Don't forget the small things
In my community, like most, there are a group of passionate people who want positive change. There are people, like all of us on here, who truly believe change can happen, even if it is one step at time. Yet, there are also people who do not believe their actions, that their own behaviors can change the world around them. Some people often think there are no problems at their front door or who ignore social injustices around them. I think in my community, the challenges lie in the people who are ignorant to problems in Canada or in the global community.
The challenge in a country like Canada, is getting people to realize their potential to enact positive change. This might be as simple as reading a thought provoking book, watching a documentary on human trafficking or buying a fair trade coffee at a local coffee shop. While attending universities, students are often engaged in their community but after they are finished, it seems harder for people to be engaged. Not everyone has to start their own organization, lead a team of volunteers abroad or protest at parliament hill, but understanding issues or even being aware of issues in their community is a small step. People often have a harder time fundraising for a homework club in Canada then they do when fundraising money to build a school in Guatemala for example. While both projects, both initiatives are important, in Canada, a challenge is getting people to engage in their own community. In a previous journal I wrote that poverty for example is not a secret, but hidden. People in my community like to think that problems, social inequality, racism, discrimination and negative stereotypes are not here, but they are. The biggest barrier is people ignoring these problems and blaming the inequalities on the individual. Growing up you are taught that working hard gets you ahead yet, there is a very negative stereotype in this community that if you are poor, you are not hardworking for example. When you take these negative stereotype, people ignoring real issues in their community and people not realizing their actions effect the world around them, it creates a environment where people almost feel they cannot engage in positive change.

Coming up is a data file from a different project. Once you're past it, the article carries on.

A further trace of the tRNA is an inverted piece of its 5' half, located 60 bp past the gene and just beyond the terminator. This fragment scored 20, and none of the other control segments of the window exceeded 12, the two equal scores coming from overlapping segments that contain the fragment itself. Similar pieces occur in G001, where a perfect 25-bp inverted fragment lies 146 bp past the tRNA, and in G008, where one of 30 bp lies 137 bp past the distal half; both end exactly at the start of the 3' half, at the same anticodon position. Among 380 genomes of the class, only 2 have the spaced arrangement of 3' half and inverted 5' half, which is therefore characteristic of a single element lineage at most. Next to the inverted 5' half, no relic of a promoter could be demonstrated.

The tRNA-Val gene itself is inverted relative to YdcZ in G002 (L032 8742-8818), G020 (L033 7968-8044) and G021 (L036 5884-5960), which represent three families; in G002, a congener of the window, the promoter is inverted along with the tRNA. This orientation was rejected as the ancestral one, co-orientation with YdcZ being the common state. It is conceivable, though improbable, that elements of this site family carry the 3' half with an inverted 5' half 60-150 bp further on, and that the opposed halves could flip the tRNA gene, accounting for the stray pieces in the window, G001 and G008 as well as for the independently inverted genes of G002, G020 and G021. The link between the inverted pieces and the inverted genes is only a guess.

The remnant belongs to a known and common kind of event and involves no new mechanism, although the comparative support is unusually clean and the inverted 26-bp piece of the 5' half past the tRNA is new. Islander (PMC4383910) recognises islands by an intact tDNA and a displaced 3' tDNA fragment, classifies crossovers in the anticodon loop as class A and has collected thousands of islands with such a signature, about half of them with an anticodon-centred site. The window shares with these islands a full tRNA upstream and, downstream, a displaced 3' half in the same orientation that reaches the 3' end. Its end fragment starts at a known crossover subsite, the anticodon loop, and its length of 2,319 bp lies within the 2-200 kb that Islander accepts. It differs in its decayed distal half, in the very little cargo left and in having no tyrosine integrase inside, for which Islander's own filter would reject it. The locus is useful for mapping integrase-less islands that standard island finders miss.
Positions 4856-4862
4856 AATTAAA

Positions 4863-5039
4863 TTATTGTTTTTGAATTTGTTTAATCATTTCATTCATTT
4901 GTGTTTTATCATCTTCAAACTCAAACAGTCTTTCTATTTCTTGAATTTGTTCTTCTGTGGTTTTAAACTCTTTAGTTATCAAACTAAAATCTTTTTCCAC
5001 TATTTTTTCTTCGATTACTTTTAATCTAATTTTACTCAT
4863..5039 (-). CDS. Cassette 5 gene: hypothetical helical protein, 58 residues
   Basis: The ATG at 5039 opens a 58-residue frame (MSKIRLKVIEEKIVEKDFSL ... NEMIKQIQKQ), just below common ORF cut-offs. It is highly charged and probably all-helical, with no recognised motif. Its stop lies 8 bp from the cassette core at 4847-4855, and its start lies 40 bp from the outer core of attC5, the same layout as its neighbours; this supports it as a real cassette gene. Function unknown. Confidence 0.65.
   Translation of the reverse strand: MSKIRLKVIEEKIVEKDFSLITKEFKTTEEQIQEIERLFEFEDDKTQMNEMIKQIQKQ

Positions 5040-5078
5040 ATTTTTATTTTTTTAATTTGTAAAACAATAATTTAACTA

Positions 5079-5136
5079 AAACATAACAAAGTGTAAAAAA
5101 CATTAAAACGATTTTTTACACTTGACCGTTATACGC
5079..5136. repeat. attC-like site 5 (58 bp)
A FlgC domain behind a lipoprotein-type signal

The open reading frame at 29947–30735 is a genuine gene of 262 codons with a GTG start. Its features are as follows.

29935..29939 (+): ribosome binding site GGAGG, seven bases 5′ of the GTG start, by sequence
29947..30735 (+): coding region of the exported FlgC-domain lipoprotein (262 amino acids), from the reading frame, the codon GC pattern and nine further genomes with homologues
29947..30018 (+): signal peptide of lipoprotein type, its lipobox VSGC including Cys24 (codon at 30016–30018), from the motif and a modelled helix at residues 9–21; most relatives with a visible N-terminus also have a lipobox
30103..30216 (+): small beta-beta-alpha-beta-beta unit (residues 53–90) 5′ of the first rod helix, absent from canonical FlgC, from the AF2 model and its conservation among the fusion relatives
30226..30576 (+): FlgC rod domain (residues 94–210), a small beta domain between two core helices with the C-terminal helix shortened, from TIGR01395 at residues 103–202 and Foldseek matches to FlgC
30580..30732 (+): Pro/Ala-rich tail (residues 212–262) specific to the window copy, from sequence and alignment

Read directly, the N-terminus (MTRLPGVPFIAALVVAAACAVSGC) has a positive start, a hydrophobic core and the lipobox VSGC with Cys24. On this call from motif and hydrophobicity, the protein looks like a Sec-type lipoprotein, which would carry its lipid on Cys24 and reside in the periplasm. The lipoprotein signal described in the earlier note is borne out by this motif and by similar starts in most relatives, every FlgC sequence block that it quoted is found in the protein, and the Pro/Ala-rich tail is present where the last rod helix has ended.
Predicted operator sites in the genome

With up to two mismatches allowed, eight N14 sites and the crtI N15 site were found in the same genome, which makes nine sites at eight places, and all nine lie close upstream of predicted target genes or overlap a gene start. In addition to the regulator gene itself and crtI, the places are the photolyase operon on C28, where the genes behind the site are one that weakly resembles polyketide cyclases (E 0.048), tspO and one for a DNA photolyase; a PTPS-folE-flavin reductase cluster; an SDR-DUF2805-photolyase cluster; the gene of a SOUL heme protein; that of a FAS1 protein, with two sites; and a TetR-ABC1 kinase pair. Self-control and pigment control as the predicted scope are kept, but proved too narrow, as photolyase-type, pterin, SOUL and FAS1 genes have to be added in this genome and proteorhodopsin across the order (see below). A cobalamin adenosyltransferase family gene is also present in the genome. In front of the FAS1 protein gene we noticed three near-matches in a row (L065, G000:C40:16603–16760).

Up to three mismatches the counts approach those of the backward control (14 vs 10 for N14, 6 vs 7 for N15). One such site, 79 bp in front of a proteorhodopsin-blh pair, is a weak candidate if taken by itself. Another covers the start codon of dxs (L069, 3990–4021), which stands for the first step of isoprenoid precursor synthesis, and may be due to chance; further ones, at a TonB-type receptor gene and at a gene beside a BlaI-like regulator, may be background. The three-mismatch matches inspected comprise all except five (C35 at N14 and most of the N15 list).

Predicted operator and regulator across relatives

While people do not chose where they are born, we can chose to be engaged in social justice issues nationally and internationally. It is through education, conversations, breaking down stereotypes and barriers that we can see change. Pulsewire is one tool to discuss issues in our communities, connect with other women and brainstorm ideas. The organization that I have led teams of volunteers internationally with has really tried to realign their original mission, which is to build relationships. I think this simple notion can really go a long way. This might be talking to your neighbour, making a friend in Nicaragua, reading someone's journal on Pulsewire or building a relationship with a youth at a youth homeless shelter. Building relationships with people in your community can enact positive change. When people meet to talk about issues, plan a social justice cafe or even eat local farmers food, they are making a change in their community. I think we often forget the small things we do really is the only way we can be the change we want to see in the world.